Continuity Date – The date in which an insured last answered the question the “Are there any circumstances that you are aware that may give rise to a claim?” This is known as a Warranty Question. This term is most often used in the context of a claims-made policy such as errors & omissions, employment practices and directors & officer’s liability insurance programs. The insured’s answer to this question could materially impact their ability to access coverage coverage if it is later found that they knew of a circumstance prior to the date in which the warranty question was answered. This term is often confused with Retro Date but it is not the same.
Contractors Equipment Coverage – A contractor’s equipment policy is an Inland Marine insurance program that provides insurance coverage for Mobile Equipment or tools while anywhere in the coverage territory, including in transit. In other words, the insurance coverage follows the equipment in contrast to a typical property policy that only applies to a scheduled location/address. The equipment that can be covered under a contractor’s equipment policy includes but is not limited to; cranes, tractors, bulldozers, scaffolding and other pieces of equipment that travel to various job sites. Coverage is most often limited to the equipment which is specifically scheduled on the policy along with a limited “All other equipment sublimit”.
Contractual Risk Transfer – A risk transfer technique that transfers one parties risk to another by means other than an Insurance policy. A contractual risk transfer technique can be accomplished through an agreement in which one party agrees that they will indemnify and hold harmless another party for that party’s negligence. Contractual Risk Transfer Techniques are the most efficient way to mitigate risk when formal insurance policies are not necessary.
Cost Benefit Analysis – A cost benefit analysis is a term used to explain a educated thought process when given the opportunity to increase premium dollars of an insurance program by increasing coverage’s or decreasing premium dollars by increasing retention levels.
Cost of Risk – To effectively and accurately calculate the True Cost of Risk the following six cost’s must be included in addition to just premiums paid; 1) Deductibles/Self-Insured Retentions; 2) The cost of uninsured and/or self-insured losses; 3) Legal costs; 4) Loss control and safety costs; 5) Claims management; and 6) Opportunity costs.
Comparative Negligence – Each party’s relative “fault” for the accident is compared and the injured party’s (plaintiff) ultimate damages award is reduced by their percentage of culpability. For example, if the plaintiff is found to be 40 percent at fault, the $1,000 damages awarded would be reduced to $600. Three variations of the comparative fault rule are utilized: 1) pure comparative fault; 2) modified comparative fault – 50 percent bar; and 3) modified comparative fault – 51 percent bar. In each variation, the damaged party’s award is reduced by the percentage of their own contribution to the incident.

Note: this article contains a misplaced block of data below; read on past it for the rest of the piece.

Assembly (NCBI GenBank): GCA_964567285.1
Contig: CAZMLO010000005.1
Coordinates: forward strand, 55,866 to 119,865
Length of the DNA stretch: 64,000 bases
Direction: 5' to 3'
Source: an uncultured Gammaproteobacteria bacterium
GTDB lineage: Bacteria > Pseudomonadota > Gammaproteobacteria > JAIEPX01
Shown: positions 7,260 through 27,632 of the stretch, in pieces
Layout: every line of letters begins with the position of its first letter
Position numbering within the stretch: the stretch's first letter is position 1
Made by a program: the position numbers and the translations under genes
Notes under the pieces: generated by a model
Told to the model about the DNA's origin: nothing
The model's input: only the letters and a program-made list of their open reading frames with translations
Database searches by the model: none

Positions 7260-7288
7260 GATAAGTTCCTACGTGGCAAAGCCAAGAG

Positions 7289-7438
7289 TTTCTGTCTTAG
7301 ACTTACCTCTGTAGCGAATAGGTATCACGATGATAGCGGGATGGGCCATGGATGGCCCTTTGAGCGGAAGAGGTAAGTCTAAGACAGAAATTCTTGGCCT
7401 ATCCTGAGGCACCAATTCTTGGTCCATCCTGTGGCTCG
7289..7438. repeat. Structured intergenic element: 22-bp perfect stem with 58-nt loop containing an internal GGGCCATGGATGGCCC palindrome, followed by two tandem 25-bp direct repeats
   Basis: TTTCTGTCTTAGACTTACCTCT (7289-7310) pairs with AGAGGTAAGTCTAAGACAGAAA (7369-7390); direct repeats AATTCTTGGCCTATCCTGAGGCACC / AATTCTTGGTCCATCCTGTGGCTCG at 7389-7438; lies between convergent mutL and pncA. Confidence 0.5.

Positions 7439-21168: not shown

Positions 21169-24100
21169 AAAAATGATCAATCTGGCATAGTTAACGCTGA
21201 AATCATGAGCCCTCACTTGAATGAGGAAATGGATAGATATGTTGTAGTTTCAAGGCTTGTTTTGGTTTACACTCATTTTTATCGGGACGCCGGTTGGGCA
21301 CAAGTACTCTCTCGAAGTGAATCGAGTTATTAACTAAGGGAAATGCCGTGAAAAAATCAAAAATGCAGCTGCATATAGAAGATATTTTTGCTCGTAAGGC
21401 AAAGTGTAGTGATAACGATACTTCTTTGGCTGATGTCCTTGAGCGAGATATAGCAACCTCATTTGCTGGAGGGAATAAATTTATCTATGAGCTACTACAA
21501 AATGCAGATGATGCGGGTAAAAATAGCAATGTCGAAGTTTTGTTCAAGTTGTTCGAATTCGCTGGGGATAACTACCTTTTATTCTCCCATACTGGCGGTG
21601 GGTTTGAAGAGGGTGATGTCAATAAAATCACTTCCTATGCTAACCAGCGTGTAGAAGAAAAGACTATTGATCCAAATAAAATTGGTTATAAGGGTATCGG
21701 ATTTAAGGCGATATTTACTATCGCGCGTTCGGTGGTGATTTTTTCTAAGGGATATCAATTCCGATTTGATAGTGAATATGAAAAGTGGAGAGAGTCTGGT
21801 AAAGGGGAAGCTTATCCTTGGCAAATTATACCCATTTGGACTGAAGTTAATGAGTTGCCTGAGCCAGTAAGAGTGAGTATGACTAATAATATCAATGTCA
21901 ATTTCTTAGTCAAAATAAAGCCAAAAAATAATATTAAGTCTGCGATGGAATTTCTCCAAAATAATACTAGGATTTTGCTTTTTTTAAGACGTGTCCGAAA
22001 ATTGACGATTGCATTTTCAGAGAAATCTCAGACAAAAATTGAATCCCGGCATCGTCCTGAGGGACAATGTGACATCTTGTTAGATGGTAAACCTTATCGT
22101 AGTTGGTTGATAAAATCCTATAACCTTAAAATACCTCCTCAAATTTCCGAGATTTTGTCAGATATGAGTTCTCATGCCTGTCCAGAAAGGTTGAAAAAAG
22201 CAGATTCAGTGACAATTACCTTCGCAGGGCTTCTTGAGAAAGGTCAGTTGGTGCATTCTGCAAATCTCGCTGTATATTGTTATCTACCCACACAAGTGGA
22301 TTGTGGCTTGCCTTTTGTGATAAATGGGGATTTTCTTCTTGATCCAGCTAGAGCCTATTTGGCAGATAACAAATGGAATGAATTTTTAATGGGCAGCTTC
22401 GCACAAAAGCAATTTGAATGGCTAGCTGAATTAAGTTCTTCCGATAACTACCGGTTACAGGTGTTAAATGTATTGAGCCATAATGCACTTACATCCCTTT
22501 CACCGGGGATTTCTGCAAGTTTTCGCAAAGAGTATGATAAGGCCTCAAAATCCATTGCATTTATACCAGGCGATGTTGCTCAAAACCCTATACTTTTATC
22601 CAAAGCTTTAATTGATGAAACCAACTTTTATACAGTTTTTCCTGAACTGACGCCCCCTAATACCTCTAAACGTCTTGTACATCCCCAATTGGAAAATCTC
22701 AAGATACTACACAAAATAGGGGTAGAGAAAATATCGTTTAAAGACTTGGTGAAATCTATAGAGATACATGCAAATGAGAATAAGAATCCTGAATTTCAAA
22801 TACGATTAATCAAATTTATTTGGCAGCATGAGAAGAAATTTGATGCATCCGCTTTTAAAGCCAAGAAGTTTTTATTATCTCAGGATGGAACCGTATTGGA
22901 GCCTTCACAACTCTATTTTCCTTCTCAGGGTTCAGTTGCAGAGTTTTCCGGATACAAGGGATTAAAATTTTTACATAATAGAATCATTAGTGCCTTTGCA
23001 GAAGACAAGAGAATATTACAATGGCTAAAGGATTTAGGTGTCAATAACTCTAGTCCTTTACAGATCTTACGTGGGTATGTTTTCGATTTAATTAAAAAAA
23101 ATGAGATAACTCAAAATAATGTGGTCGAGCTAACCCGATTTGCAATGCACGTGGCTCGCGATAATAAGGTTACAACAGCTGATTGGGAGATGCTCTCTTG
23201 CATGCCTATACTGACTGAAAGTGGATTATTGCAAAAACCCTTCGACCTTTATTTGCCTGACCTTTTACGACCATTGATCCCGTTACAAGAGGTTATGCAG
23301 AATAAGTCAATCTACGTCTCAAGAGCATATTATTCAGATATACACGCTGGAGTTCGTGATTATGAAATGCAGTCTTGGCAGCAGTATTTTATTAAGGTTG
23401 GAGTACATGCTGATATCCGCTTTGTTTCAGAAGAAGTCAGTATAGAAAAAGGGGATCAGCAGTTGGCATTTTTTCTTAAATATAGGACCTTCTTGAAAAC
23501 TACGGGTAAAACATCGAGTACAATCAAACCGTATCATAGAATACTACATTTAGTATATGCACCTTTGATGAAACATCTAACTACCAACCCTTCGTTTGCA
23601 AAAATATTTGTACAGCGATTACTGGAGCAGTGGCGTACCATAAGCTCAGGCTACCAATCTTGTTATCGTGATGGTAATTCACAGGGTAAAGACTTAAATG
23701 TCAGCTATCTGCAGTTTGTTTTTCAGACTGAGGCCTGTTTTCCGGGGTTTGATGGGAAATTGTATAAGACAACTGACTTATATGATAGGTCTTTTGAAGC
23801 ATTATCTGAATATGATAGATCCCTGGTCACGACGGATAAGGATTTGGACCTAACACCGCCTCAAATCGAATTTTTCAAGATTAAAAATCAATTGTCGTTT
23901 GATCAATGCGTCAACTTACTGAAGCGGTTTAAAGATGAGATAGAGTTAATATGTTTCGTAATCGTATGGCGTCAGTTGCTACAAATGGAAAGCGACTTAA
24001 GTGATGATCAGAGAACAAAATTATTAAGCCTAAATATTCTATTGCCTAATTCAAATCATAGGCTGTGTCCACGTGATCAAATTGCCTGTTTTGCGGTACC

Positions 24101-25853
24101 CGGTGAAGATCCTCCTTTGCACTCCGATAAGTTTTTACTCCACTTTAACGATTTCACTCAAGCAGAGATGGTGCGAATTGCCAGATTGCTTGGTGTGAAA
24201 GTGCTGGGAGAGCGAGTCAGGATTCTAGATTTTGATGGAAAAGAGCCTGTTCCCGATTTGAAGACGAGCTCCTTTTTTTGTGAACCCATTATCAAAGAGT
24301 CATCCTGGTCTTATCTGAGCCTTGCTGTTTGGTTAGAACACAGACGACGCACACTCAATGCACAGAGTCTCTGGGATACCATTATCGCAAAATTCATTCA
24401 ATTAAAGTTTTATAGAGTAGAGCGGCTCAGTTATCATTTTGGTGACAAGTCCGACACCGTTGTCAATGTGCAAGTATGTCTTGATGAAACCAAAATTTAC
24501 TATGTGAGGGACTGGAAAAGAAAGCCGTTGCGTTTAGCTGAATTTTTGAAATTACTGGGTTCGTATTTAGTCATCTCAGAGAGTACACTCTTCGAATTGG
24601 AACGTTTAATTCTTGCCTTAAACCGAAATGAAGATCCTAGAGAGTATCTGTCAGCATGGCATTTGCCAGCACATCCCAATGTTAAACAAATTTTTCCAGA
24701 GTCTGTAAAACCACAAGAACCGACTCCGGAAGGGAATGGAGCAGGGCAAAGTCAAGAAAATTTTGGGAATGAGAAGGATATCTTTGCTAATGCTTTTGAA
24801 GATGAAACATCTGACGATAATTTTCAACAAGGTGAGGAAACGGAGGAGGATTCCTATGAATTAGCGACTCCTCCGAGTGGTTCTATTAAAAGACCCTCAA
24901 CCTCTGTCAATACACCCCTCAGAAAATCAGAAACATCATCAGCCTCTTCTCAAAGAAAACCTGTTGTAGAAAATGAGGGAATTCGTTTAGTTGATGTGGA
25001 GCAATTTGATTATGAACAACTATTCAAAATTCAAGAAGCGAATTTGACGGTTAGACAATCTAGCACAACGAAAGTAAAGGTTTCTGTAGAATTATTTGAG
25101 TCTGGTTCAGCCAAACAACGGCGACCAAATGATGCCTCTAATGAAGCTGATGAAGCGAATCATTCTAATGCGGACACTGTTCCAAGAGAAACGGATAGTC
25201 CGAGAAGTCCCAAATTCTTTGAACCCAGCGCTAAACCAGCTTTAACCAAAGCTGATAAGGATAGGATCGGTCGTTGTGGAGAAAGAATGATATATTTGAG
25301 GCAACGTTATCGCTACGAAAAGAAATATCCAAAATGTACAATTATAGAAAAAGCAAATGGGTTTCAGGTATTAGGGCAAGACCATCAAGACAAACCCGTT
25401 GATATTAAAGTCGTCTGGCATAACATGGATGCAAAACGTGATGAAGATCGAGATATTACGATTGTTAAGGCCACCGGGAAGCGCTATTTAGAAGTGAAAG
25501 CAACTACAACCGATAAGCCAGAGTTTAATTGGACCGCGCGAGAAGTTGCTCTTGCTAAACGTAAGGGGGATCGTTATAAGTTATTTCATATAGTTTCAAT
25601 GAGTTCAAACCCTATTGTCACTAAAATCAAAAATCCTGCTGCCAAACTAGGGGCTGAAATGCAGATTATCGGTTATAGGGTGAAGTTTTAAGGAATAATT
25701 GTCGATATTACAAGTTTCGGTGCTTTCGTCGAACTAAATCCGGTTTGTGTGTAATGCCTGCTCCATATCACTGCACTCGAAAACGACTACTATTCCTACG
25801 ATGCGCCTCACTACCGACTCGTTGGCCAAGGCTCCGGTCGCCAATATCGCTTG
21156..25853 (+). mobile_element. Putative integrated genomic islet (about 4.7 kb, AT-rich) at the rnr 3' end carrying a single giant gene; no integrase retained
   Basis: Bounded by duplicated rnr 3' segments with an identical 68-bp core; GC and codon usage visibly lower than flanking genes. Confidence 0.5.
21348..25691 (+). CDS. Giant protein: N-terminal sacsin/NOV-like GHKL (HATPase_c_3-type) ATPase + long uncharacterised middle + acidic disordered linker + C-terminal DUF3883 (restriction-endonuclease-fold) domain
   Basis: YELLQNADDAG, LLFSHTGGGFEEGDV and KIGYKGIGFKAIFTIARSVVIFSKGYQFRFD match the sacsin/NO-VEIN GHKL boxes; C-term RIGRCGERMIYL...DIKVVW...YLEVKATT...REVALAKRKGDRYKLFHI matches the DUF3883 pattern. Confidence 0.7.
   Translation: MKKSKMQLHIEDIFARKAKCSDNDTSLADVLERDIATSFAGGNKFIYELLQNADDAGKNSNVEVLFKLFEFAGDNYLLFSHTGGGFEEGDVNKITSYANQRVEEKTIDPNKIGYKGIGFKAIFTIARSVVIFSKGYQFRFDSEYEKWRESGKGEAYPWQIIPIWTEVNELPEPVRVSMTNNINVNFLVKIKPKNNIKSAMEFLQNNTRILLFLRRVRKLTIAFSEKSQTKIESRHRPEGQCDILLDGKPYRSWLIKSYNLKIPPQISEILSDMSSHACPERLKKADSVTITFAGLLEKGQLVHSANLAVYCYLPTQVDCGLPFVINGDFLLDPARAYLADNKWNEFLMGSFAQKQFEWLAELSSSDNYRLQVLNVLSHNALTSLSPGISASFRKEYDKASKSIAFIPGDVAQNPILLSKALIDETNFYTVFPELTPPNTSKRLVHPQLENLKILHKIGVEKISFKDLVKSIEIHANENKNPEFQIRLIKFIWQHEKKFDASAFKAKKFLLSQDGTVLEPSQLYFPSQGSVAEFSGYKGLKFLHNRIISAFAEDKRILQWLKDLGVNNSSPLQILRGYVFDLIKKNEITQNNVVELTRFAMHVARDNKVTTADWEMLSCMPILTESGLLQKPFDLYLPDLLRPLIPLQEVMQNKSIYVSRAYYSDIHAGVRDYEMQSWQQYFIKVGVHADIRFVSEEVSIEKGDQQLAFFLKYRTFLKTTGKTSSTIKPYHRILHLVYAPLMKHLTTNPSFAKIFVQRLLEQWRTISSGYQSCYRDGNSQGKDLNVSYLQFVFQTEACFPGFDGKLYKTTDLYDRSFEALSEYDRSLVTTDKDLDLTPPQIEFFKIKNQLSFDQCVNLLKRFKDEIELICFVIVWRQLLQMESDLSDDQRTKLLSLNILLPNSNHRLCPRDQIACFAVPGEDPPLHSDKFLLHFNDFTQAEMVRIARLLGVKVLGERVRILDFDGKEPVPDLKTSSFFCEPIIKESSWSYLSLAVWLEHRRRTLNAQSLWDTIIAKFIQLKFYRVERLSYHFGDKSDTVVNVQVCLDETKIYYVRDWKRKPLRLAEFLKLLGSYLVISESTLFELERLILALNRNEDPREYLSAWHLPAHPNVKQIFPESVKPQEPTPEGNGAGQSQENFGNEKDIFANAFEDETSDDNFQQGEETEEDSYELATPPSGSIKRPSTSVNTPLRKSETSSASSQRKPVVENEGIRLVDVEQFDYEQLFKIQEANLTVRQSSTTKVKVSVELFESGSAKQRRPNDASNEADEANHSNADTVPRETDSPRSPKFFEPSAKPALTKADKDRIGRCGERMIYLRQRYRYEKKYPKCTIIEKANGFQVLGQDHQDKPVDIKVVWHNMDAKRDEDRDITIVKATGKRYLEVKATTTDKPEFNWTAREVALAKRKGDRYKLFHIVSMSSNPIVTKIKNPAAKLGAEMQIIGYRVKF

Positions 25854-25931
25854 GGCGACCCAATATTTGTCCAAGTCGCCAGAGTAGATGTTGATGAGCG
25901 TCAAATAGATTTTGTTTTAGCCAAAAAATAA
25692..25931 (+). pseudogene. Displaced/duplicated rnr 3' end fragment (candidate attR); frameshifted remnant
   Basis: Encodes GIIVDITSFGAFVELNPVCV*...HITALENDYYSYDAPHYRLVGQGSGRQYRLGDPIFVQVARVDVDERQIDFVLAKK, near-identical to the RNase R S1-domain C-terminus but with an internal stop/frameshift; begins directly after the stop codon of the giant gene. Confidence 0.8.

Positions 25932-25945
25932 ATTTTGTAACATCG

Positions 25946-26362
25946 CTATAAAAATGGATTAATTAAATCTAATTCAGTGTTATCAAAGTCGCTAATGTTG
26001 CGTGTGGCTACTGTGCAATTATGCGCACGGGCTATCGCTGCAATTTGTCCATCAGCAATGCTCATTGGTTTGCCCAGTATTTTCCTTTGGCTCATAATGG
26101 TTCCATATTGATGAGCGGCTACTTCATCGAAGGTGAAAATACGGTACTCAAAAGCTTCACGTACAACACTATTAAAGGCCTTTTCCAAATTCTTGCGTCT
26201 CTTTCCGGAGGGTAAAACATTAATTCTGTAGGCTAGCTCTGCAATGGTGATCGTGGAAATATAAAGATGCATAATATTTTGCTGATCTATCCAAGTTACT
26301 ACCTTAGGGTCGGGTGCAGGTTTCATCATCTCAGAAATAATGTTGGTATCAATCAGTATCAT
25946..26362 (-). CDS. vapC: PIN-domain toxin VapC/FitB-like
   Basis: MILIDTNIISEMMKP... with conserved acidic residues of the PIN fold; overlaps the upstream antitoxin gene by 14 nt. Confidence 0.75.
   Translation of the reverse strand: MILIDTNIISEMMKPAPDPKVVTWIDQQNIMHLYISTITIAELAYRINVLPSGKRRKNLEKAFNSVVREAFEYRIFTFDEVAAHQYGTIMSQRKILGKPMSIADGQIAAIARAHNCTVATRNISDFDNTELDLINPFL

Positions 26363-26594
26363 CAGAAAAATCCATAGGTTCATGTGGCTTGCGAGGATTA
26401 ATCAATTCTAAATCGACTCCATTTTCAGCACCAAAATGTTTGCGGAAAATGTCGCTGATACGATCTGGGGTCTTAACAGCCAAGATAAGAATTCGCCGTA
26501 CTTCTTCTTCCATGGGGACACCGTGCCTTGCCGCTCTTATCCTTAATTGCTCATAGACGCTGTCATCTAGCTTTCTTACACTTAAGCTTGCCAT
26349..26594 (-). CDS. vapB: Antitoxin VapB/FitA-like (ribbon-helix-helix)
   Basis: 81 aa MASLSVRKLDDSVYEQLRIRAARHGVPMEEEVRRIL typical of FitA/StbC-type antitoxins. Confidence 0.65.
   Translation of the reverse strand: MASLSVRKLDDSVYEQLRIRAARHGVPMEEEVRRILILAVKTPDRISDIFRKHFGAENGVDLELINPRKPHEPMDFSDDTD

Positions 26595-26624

Compensatory Damages – Payment for actual injury or economic loss. Compensatory damages are further divided into Special Damages and General Damages. Special Damages are specific and quantifiable to pay for medical costs, lost wages, repair costs and other such costs. General Damages “generally” have no basis for calculation and include pain and suffering, mental anguish or loss of reputation.
Constructive Total Loss – The property can be repaired, but the cost to repair the damaged property is greater than the value of the property after it is repaired (it would cost more to repair it than it would be worth when done). It is more economical for the insurance carrier to pay the insured the “value” of the property (its actual cash value or replacement cost, however the policy is set up) and recover as much in salvage value as possible.
Contributory Negligence – Application of the contributory negligence common law doctrine states that if the injured person was even 1 percent culpable in causing or aggravating his own injury he is barred from any recovery from the other party. This is an absolute defense in the jurisdictions that apply this principle; some jurisdictions require the defendant (the one “most at fault”) to prove the negligence of the plaintiff (the one “most damaged”), while others require the plaintiff to disprove any negligence. Only five jurisdictions still apply pure contributory negligence: Alabama, the District of Columbia, Maryland, North Carolina and Virginia.
Crumbling Skull – A legal theory sometimes used as a defense to or argument against application of the “Eggshell Skull” rule. The principle behind this defense is that the result would have been the same whether or not the accused wrongdoer was involved. Best exampled in medical practices: the patient was dying; the doctor attempted some radical measures to maintain life and did not succeed and in fact were the proximate cause of death. Crumbling skull principles would not hold the doctor responsible for causing a foregone conclusion. To protect the doctor, the death would have to have been certain within approximately the same time frame.
Crime Insurance – This term describes an insurance coverage available for money and securities against a wide rage of perils and property other then money and securities against various crime perils such as employee dishonesty burglary, robbery, theft, and extortion. There are two coverage forms available on a commercial crime policy. Discovery form covers loss that is discovered during the policy period even though they may have occurred before the policy period. The Loss sustained form covers the losses that are actually sustained during the policy period and discovered no later then one year after policy expiration.
Damages – Serves a dual purpose: 1) as a monetary remedy for a person, persons or entity against whom a wrong has been committed; this amount may only be a part of 2) the sum imposed on a tortfeasor for the violation of a duty owed. Combined, these are two sides of the same coin, so to speak. There must be a duty owed or created (tort, contract or statute), a breach and resulting injury. There are several types of “damages” including Compensatory, Punitive and Liquidated damages.